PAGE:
Every day there are acts of terrorism around the world. At the same time, military forces protect our freedom, often in ways that we will never know. One of these groups is the Navy SEALs. They are the United States Navy’s special operations force. The movie, Act of Valor is inspired by true events and stars a group of active-duty Navy SEALs in a power story of global anti-terrorism. Risen interviewed co-directors Scott Waugh and Mike “Mouse” McCoy in 2012 about the character qualities that inspired them from their time with the Navy SEALs and what they learned about fear.
Waugh shares what character quality stood out to him the most in his time with the Navy SEALs.
“They all [Navy SEALs] had subtle differences but the one common denominator with all of them was a never quit mentality. They will never stop. Before we met the guys just thought they were these incredible warriors. And they were by themselves, and they were like the quintessential ‘300’ guys. But then when you got to meet them, you knew that they were incredible husbands, fathers, and that there is just so much at risk, other than just themselves—that was the separation as to what kind of man would do that knowing everything back home is on the line besides just himself. They are so fundamentally devoid of ego inside of the platoon, that the world can learn a lot from the way a SEAL platoon works together…This movie starts the SEALs, they are amazing men, but across the military branches you hear stories like this, and with first responders. In the case of the Seals, a lot of time they are doing it for the guy to the left and the guy to the right, their brothers. But first responders are risking their lives on a daily basis to save people they don’t even know. That’s really inspiring to us.”
McCoy adds, “Our biggest inspiration was [Navy SEAL] Mike Mosour who won the Medal of Honor posthumously for diving on a grenade with his body on a rooftop and saving his brothers. That particular story really inspired us about what is going on with this culture. What makes it so special that you would make that decision in a split second in the middle of a combat mission? That really happened. This act of valor and others are definitely the epitome of never quitting.”
McCoy reflects on how he saw the SEALs deal with fear.
“It also was amazing how present and centric these guys were when the whole world is coming unglued. The absence of stress and how they are staying super centered in the middle of a gnarly gunfight with men down, and yet still maintaining control of their voice and communication, thoughts and actions, so they can stay tactical and get their platoon out of that situation; that’s just fascinating…there is no freaking out.”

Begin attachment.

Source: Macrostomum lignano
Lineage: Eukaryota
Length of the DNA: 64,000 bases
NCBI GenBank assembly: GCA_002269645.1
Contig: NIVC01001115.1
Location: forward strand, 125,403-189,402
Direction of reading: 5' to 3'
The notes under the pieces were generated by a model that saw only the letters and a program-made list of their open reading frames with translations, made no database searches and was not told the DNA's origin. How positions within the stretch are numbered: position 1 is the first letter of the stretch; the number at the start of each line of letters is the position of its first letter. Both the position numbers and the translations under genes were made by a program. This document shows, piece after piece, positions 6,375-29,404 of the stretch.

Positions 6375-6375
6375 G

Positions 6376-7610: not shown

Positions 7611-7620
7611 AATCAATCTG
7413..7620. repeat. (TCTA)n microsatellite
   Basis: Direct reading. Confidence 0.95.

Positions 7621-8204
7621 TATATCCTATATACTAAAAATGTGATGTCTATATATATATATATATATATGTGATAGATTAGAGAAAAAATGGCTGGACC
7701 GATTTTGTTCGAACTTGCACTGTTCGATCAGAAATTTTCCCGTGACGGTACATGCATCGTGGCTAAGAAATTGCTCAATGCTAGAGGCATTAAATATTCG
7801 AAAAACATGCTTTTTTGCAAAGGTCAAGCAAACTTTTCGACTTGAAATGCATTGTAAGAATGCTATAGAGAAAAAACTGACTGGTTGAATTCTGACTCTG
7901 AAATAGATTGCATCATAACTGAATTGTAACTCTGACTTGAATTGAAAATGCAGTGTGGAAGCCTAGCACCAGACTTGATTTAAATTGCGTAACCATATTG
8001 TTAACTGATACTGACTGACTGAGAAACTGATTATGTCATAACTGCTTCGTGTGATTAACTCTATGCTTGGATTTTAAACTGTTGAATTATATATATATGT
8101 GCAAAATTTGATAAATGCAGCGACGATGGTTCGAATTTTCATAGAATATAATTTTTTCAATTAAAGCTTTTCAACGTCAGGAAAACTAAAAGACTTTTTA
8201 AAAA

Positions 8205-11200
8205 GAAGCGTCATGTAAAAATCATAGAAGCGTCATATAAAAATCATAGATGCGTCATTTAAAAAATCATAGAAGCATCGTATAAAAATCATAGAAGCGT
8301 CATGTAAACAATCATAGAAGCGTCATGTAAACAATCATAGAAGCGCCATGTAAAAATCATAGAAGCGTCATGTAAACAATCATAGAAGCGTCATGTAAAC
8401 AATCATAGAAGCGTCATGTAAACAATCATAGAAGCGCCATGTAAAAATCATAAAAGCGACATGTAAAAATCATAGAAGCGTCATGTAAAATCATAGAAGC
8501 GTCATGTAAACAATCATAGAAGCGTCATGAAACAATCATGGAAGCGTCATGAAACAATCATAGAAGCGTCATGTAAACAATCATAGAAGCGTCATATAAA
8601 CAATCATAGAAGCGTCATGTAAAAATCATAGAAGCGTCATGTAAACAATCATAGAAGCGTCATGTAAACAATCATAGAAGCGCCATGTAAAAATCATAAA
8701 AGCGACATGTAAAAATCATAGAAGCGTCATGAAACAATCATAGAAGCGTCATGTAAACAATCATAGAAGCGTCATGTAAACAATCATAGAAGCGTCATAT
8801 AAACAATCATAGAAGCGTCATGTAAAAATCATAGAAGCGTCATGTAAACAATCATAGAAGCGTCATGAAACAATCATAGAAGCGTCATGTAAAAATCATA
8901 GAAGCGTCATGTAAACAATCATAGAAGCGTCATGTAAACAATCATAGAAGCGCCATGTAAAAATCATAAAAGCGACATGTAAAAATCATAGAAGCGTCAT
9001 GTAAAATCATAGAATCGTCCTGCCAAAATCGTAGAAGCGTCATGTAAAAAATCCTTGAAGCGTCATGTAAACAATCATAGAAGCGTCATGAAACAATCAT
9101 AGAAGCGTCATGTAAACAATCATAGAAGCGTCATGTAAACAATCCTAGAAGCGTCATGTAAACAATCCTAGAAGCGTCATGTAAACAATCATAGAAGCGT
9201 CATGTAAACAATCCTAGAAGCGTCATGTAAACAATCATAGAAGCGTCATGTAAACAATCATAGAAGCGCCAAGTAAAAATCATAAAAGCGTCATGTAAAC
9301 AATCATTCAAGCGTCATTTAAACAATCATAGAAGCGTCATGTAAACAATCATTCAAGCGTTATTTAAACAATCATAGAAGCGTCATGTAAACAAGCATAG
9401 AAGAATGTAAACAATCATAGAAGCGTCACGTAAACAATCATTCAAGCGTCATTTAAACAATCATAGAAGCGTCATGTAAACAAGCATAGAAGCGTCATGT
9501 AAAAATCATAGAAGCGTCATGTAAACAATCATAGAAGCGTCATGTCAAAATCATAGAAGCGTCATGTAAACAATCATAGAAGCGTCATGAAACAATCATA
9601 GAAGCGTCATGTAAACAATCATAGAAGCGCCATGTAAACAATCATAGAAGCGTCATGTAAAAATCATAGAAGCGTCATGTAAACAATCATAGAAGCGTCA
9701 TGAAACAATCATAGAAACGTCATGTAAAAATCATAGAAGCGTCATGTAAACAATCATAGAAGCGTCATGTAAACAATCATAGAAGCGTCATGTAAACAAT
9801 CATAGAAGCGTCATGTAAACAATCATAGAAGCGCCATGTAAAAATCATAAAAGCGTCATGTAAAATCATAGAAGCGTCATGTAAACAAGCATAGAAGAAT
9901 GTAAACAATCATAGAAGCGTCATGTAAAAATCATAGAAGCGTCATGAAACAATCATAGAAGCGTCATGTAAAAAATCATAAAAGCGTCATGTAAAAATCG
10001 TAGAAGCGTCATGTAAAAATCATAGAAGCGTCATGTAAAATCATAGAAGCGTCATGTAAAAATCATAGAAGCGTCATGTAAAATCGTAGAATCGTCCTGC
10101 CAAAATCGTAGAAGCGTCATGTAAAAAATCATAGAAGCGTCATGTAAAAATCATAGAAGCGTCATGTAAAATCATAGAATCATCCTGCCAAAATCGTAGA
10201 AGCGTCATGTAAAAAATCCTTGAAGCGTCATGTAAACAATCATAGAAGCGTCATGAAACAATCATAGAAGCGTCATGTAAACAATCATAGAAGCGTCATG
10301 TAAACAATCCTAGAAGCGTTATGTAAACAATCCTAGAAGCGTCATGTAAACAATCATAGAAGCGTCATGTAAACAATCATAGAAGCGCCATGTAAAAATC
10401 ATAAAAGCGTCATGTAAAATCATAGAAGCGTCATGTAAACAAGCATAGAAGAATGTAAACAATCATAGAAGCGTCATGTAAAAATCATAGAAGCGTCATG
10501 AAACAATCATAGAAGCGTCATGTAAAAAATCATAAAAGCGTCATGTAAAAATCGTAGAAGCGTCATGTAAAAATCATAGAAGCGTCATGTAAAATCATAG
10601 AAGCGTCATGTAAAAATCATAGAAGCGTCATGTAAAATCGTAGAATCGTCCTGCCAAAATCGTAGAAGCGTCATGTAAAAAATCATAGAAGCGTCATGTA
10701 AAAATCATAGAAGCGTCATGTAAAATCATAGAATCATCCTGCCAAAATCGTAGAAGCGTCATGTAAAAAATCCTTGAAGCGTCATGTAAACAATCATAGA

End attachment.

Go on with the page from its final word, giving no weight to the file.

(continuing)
Don’t quit. Whether it is a health battle, financial crisis, or family conflict, it may seem like the odds are against you. Turn to God. Remember that he does not want you to walk through this alone. There are others who are probably going through or have gone through a similar circumstance that can offer their encouragement and wisdom. God has also given you friends, family, and a church body to support you. It may be hard to reach out for help, but share your circumstance with a trusted friend or pastor.
Be loyal. There are friends and family in your life that might be going through a difficult time or season and need your help. Ask them how you can best support them. It could be a meal, doing a chore around the house, driving them to doctor’s appointments or just being available to listen and pray. Ask God if there is someone in your life that you can be an encouragement to. It is easy to get caught up in the business of life and forget about how others might need our support. Think about those that have helped you in the past and reflect on how you can help others.
Bless those that serve. It could be your local first-responders, police, fire department or military. Think through some ways that you, your family, your small group or church could be a blessing to those that serve your community and our country. Take time and ask them if there are things that you can do that would help them. It might be adopting a military family while a member is on deployment and helping with meals and babysitting. It could be bringing a meal or groceries to the fire station. Or it could be volunteering at an event that their organization is hosting. It could even be something as simple as writing a note of appreciation for what they do.
To read the Q5 on Act of Valor, click here.